Slope-Adjusting ID Technology: With the 20i GII you have the option to get the slope-adjusted distance for any shot thanks to Nikon’s ID Technology. The mode can be turned on and off by the user to comply with USGA rules to make it legal for tournament rounds. Having tested it out on hilly terrain it’s easy to see why so many golfers mis-club going into greens when elevation changes become a lot more dramatic.

Review

The Nikon Coolshot 20 GII’s size and weight make it ideal for anyone who regularly carries and wants the benefit of knowing distances but without having to worry about weight—it weighs about the same as a sleeve of balls.

The size allows you to hold the units stable. However, I could see for those new to the rangefinder space, it could take some time getting used to when first getting acquainted with it. The best bet for this is to take it to a range or just step outside with it on your next walk and get used to hitting targets before you take it to the course—plus it makes for a fun game to see how good you really are at estimating distances.

Overall, for the price and size, it is one of the best rangefinders on the market. Plus, with a five-year warranty, you can be assured of years of use with the Nikon CoolShot 20 GII rangefinders.

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Putter Reviews

WRX Spotlight Review: T Squared TS-713i Standard Series putter

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Product:  T Squared TS-713i Standard Series Putter

About T Squared: T Squared Putters is a small putter manufacturer just south of Buffalo, New York. The company was founded by Tony Tuber who created his first prototype putters, after hours, in his father’s machine shop. Since then Tony and his father have been creating high-quality putters in the same facility that creates high precision instruments for the medical field. They pride themselves on creating the highest quality, most precise putter they can offer. They offer a few different head shapes from small traditional blades to high MOI mallets and even a custom program to get exactly what you want.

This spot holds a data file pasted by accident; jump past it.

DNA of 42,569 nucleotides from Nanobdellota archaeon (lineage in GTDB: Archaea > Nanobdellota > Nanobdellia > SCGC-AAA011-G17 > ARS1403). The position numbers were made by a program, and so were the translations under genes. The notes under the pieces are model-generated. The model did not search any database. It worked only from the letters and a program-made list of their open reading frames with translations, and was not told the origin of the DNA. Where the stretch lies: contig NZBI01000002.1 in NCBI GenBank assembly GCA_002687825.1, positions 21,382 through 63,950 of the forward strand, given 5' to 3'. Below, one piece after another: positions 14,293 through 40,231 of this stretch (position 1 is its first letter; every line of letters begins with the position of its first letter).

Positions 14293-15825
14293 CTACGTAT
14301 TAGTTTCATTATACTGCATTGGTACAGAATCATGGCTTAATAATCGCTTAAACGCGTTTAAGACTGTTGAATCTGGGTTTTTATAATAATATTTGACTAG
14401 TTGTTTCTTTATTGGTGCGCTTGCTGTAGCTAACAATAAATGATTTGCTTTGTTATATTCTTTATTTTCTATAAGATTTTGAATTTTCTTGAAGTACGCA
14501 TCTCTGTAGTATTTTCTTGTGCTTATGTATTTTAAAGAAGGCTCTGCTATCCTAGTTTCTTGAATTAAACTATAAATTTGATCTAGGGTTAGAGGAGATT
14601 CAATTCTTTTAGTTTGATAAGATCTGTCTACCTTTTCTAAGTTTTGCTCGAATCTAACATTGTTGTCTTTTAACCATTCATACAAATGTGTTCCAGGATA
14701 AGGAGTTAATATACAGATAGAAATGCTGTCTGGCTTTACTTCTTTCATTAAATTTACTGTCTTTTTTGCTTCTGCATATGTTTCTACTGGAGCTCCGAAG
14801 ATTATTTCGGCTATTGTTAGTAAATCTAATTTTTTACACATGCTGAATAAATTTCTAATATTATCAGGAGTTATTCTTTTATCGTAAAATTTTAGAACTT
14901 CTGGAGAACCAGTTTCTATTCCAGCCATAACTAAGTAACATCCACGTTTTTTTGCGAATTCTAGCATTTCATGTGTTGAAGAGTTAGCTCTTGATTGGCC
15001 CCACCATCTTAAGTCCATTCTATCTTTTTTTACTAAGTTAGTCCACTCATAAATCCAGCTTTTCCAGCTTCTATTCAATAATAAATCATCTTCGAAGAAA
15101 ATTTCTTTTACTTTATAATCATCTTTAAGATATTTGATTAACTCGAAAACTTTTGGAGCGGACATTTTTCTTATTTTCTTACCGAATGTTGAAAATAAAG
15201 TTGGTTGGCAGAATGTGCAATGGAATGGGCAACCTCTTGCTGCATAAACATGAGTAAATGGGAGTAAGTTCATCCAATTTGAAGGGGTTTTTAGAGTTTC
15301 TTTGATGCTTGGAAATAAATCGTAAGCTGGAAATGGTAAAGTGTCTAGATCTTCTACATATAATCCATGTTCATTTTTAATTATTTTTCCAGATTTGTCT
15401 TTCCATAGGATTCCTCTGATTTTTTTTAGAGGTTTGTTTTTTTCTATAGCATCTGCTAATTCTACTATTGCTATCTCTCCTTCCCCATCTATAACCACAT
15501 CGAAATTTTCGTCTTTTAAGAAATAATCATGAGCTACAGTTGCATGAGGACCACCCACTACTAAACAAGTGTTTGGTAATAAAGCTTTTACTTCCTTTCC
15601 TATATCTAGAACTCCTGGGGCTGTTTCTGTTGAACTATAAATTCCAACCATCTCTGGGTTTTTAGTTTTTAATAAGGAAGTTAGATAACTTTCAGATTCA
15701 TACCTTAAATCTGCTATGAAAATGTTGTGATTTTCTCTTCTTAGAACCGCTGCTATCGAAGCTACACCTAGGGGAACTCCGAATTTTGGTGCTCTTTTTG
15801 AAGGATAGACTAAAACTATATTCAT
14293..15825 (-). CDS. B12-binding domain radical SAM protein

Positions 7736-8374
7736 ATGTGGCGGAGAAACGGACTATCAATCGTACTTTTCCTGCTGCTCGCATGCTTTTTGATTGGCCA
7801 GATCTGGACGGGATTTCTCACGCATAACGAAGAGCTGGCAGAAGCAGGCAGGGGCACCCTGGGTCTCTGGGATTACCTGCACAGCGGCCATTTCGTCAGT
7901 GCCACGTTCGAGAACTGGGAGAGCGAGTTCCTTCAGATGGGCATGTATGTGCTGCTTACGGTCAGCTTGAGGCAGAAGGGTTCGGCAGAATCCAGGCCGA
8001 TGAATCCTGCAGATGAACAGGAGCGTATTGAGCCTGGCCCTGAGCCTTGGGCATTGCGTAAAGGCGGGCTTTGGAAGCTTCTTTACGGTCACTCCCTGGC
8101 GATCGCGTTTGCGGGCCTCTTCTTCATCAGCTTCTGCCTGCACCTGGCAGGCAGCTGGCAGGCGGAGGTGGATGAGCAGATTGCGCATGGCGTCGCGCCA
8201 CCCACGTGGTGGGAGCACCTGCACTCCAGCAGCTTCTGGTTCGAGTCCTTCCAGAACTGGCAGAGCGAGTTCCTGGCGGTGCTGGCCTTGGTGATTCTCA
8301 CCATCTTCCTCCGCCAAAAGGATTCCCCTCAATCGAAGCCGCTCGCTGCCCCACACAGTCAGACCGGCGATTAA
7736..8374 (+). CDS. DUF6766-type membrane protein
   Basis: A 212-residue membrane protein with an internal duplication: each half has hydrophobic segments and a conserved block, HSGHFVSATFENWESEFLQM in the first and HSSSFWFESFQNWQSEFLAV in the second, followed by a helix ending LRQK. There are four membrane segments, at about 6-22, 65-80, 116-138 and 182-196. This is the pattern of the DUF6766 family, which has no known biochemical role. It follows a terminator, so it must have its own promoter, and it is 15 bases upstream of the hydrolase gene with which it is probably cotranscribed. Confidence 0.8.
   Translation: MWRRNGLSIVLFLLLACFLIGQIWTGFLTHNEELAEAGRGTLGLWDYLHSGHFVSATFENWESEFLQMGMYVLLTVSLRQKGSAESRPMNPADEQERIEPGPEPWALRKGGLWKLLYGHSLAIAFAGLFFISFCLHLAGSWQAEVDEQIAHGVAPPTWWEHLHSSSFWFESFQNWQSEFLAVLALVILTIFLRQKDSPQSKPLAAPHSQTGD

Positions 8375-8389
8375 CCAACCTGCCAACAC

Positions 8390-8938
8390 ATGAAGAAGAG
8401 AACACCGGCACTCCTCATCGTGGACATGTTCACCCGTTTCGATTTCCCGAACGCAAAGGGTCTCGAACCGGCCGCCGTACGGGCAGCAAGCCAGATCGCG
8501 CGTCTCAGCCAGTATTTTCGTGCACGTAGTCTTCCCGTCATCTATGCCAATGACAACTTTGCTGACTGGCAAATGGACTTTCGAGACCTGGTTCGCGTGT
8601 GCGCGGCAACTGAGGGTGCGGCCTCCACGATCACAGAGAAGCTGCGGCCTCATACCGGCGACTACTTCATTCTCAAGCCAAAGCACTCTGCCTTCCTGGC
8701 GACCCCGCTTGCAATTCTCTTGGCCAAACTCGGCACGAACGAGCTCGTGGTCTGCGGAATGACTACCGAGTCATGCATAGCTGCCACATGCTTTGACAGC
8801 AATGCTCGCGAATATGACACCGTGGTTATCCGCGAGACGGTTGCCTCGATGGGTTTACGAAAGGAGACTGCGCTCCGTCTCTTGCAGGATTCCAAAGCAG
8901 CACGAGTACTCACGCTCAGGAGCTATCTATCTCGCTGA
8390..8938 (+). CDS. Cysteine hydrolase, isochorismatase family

The Ts-713i Standard Series is based on the Ts-713, the first prototype that Tony created. It is a blade-style putter with a slightly longer flange and a unique face insert milled from 6061 aluminum. The body of the Ts713i is milled from a solid block of 303 stainless steel that is produced in the USA and has a Teflon backing between the body and face insert.

This Teflon backing helps give the putter a softer feel at impact and reduce any unwanted vibration. Details are what T Squared is all about and the neck of the putter shows off their milling expertise. The neck is similar to a plumbers neck, built with multiple pieces and offering some cool texture on the section bonded to the head. Another great detail is that all the silver markings on the putter are not filled with paint, they are milled into the head. T Squared finished the head in a sharp matte black and then milled all the markings on the putter for a unique, shiny silver look that really stands out. Ts-713i putters are built for customizing and have a ton of options that you can select if you would like to build something totally unique

On the green, the T Squared TS-713i really performs fantastic. I found the feel at impact very solid without any unwanted vibration. The impact produces a muted click and soft feel that I wasn’t expecting from this aluminum insert and thin face. The deep milling and Teflon coated back to the insert really work together to produce a great, responsive feel that I enjoyed. Deep milling usually makes me a little worried because it can soften the putter too much and lose that feel we all demand.

The TS-713i has no issues and transmits impact feel back to your hands with ease. Mishits are a little louder and harsh, but nothing even close to unpleasant. I have used putters that don’t feel as good on perfectly struck shots as the TS-713i feels on mishit putts. Distance and accuracy on those mishit putts are not as drastic as you would expect with a blade putter. I often just missed the cup by small margins when I struck a putt on the toe or heel of the TS-713i. There aren’t too many blade putters that have shown this level of forgiveness on the green for me.

The “T” alignment aid on the flange of the putter is large and easy to use. Not only do you get a straight line from the face to the back edge for alignment, but the back of the “T” also helps you square the putter up to your target. The Pure grip is not my thing, and it would be great for T Squared to offer a few more options, but that is an easy fix and a very minor criticism.

Overall, the T Squared TS-713i is a great putter from young Tony Tuber that exceeded my expectations. His attention to detail, precision milling, and take on a classic head shape offer golfers something different without sacrificing any performance. If you are looking for a great feeling putter that is made in the USA, you should take a look at T Squared and see what they can make for you.